It is appealing for charities to convince their sponsors to put forward employees to take part.
Fighters will pay for 20 weeks' training in the run-up to the bouts, which will take place at black-tie gala events funded by the charity's corporate partners.
Since the club was launched in 2000, it has held about 20 similar events, raising £800,000 for charities.
"We had a major black-tie event last year and raised £90,000 for Sparks, the children's medical research charity," said spokesman Nick Stafford-Deitsch. "We are keen to raise the profile and increase the number of these events, and I don't see why we couldn't raise the same amount for other charities."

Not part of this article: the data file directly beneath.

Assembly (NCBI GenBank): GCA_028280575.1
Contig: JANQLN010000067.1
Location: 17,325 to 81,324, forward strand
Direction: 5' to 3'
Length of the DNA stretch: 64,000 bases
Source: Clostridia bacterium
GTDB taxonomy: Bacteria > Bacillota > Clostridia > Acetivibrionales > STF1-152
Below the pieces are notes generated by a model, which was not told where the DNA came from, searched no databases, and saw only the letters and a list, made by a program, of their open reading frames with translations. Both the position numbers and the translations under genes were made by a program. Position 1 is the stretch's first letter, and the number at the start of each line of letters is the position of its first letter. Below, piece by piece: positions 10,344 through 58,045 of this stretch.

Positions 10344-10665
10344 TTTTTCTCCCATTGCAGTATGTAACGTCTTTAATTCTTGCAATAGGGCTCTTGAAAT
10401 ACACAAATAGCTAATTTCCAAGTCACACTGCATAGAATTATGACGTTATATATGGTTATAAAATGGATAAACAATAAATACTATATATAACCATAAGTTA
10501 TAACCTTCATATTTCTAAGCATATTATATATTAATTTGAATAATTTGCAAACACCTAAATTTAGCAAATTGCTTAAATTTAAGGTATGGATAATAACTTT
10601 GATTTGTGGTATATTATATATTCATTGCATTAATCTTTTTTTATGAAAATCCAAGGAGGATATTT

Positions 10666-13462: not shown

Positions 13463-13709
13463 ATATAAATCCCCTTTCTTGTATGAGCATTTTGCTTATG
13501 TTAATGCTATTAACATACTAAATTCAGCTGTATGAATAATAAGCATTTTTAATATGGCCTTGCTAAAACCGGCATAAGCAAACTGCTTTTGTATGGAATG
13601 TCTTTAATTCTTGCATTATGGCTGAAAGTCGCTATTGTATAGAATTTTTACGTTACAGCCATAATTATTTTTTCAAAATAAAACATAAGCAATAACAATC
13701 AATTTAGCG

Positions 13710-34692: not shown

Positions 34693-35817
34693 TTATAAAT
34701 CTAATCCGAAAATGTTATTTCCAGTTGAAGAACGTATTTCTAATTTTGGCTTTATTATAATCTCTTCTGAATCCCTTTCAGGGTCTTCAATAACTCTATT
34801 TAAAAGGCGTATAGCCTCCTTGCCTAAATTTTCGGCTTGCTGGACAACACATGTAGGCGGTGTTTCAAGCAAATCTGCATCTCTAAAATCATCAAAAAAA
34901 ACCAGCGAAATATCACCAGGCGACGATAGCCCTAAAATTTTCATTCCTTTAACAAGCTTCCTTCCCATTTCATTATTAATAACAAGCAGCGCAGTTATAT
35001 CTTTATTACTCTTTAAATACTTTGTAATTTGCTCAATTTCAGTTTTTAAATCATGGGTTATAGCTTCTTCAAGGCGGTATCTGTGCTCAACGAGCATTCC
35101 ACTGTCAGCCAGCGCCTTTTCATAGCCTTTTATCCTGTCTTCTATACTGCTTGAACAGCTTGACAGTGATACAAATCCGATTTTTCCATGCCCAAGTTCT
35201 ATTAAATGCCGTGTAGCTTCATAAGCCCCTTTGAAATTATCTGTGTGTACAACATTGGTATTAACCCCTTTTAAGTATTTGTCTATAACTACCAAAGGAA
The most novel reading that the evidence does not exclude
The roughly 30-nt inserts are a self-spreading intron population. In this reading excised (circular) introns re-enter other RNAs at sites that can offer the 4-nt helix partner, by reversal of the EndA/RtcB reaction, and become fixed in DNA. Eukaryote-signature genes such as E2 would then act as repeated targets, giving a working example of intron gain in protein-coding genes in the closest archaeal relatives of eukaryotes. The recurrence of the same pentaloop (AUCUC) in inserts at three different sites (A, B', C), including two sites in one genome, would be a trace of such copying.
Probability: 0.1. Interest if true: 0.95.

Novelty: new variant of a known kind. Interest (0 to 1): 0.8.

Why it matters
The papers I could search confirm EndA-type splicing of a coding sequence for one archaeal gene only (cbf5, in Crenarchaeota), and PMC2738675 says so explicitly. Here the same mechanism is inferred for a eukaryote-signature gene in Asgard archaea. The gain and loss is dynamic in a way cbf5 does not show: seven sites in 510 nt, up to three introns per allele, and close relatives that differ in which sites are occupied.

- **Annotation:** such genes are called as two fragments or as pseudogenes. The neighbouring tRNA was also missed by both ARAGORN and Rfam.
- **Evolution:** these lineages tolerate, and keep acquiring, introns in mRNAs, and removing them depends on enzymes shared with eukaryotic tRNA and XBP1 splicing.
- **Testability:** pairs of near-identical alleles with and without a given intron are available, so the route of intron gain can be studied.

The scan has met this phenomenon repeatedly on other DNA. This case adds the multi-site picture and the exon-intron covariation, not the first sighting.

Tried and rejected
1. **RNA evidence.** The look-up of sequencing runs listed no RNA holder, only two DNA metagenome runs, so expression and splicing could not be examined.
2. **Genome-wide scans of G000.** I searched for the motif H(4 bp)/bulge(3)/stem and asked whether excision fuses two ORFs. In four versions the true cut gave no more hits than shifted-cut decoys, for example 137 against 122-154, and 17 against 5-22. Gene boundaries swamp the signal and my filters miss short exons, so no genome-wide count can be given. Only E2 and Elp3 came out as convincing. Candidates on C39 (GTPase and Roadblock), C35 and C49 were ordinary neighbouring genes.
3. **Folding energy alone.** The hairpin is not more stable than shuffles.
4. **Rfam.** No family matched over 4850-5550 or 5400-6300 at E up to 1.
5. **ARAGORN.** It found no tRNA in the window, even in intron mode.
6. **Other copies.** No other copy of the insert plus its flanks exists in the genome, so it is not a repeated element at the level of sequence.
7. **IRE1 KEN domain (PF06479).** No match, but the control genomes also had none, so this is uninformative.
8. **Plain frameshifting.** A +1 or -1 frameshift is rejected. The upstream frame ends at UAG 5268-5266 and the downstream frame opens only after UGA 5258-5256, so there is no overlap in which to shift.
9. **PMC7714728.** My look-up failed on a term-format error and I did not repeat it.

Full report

But a spokesman for Headway, a brain injury charity, criticised the scheme. "We cannot condone an activity that carries such a high risk of brain injury, for however good a cause," he said.